Part political advocacy, part documentary photo series, Daskalakis’ portrait of an indigenous Kichwa community is currently on show in Hong Kong as part of the inaugural Decade of Change exhibition
There is no road into the Sarayaku. Only by river or air can one reach this particular stretch of the Eastern Ecuadorian Amazon; a territory of approximately 135 thousand hectares in the heart of the Bobonaza River basin. Made up of 95% primary forest, it is a land many believe to house the most diverse ecosystem on the planet.
Cretan photographer and environmental activist Evangelos Daskalakis has, to date, made two journeys to the region: six hours to reach Puyo, the biggest city of the Amazonia, he recounts, then another five hours by canoe. But despite its inaccessibility to visitors, the Sarayaku is home to seven communities of the Kichwa Native People, a population of around 1400 living in complete “respect and balance” with the land.
For the Kichwa, the Sarayaku ecosystem is an equilibrium of three essential units: Sacha (forest), Yaku (rivers) and Allpa (land). Each supports an infinity of fauna and flora; all living entities that must be protected and preserved. The Kichwa’s Declaration of 2018 states allegiance to every living thing in the forest, “from the most infinitesimal to the greatest and supreme”, and their pledge to protect all of its natural bounty: the “waterfalls, lagoons, marshes, mountains, rivers, trees.”
In recent years, the community has endured a fraught tussle with both the Ecuadorian government and Argentinean oil company, CGC. After succeeding in having oil extraction on the Sarayaku land abolished, they are still fighting to instate ‘Kawsak Sacha’ as a legally protected zone, in which any form of damaging human intervention is prohibited. “Many opportunities have arisen for the exchange of land for money, but their purpose is to protect the forest,” Daskalakis says. “They feel they are the only ones who can protect it.”
It is the philosophy of ‘Kawsak Sacha’ – or ‘living forest’ – that forms the crux of Daskalakis’ winning Decade of Change series, currently on show at Hong Kong’s Jockey Club Museum of Climate Change (touring next to New York Climate Week). Researched in collaboration with Daskalakis’ friend, the anthropologist Leonidas Oikonomakis, Kawsak Sacha is part political advocacy, part documentary photo series. Yet it holds a lyricism that seems to defy either of these categorisations: layered with complexity, and elusive of hasty judgement.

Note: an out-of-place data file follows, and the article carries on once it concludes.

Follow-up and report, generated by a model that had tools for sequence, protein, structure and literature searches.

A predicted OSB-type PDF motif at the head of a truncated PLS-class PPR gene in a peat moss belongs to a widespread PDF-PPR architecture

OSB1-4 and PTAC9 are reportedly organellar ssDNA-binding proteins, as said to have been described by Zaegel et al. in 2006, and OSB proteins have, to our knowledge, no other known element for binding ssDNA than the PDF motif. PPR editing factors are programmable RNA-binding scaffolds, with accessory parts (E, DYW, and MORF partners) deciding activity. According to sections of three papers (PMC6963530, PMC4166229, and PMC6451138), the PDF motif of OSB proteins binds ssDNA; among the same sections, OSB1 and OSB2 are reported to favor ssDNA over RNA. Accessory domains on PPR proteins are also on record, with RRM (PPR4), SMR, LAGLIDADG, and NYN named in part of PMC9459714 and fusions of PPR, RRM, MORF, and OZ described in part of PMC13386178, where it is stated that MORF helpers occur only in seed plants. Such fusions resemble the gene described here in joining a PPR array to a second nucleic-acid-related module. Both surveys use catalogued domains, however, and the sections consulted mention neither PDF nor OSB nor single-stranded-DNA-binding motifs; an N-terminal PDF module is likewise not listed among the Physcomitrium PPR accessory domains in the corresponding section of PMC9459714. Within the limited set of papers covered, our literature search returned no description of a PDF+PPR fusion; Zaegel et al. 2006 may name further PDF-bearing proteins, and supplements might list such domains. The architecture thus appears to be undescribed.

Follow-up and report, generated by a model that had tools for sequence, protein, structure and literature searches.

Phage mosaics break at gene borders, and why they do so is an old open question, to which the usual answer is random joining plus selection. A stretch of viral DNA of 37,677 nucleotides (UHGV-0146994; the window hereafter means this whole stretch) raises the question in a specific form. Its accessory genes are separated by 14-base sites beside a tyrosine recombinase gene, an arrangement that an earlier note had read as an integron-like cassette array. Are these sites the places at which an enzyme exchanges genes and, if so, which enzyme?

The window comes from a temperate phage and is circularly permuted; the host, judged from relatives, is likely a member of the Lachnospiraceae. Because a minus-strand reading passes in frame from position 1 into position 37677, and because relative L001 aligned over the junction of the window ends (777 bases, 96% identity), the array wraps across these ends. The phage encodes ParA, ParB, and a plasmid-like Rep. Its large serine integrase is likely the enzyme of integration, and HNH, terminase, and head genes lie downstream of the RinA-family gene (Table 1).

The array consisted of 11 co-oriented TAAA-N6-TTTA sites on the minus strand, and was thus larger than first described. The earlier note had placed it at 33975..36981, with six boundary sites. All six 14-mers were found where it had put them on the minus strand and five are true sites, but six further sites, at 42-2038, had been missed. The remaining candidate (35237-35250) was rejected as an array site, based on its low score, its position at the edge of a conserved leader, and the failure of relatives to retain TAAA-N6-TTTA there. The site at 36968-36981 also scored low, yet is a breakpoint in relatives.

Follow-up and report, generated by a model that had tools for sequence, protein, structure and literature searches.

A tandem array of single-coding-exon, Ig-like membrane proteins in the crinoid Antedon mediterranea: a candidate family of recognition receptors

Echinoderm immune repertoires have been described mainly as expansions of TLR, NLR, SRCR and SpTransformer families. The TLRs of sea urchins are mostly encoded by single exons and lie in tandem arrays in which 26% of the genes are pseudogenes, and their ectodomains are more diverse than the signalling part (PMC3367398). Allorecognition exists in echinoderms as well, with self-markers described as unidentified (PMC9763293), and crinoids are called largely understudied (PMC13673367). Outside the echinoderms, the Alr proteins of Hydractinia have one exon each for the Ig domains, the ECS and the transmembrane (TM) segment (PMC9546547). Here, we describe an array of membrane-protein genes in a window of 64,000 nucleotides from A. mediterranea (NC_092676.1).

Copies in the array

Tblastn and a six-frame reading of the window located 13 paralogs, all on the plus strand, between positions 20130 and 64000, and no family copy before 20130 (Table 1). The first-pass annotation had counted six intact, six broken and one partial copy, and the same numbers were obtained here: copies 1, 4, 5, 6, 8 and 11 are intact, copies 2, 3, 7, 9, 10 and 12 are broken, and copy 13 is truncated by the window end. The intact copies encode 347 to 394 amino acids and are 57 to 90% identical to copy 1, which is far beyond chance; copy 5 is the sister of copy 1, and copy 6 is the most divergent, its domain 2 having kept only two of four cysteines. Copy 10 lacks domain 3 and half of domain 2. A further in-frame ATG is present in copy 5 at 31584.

In one image, we encounter striations of cloud, sulking across the impenetrable shadow of the forest canopy below. In another, a young girl, baby brother in arms, sings lullabies. And a third: a portrait of Eloisa, a centenarian member of the community, sitting up in bed. In 1992, along with 500 others from the community, Eloisa journeyed a gruelling 400km on foot from Puyo to the Ecuadorian capital of Quito to claim title deeds to the primitive lands.
There is much we can learn from the Kichwa community, Daskalakis suggests. He speaks fondly of the “friendly, helpful” individuals he met, and the lessons he took away about kinship and togetherness. In particular, he notes ‘minga’ — a tradition of communal work, or voluntary collective labor, undertaken for purposes of social utility and community-building. “If you want to live in the jungle, you can’t live alone,” says the photographer. “You learn to live in a collective, in a cooperative… I’m sensing more and more this way of life.”
Born and raised in a remote Greek village of 150 people, Daskalakis’ perspective on communal living had already filtered through from his childhood. He marvels at the experience of his grandparents, who only received electricity in 1967. “Now Crete is a place where we have everything: freezers, televisions, mobile phones. People never want to stop.” In documenting the Kichwa, Daskalakis hopes to demonstrate, by contrast, how much more there is to life than ideals of “infinite” economic growth; of breakneck profit and unchecked materialism.
Because the ethos of ‘Kawsak Sacha’ is more than simply living in harmony with nature. It is a “conscious choice” to live in appreciation for nature’s gift, valuing above all else communality, creativity, and happiness. In Daskalakis’ words: “They are satisfied with the things that they have.”
In accordance with the ‘Kawsak Sacha’ philosophy itself, Daskalakis’ project is attentive to all it surveys in the forest. From the micro to the macro, intimate to the political, the project is, in the end, an attempt to reveal the universality of Sarayaku’s story: the “common mosaic of humanity’s mission” to protect the planet. “We can’t all live in the wilderness,” Daskalakis concedes, “but even in the cities, we can make a lot of choices.”
Louise Long is a London-based photographer and writer with a focus on culture and travel. Her work has been published in Wallpaper*, CEREAL, British Vogue and Conde Nast Traveller amongst others. She is also the founder of Linseed Journal, an independent publication exploring culture and local identity.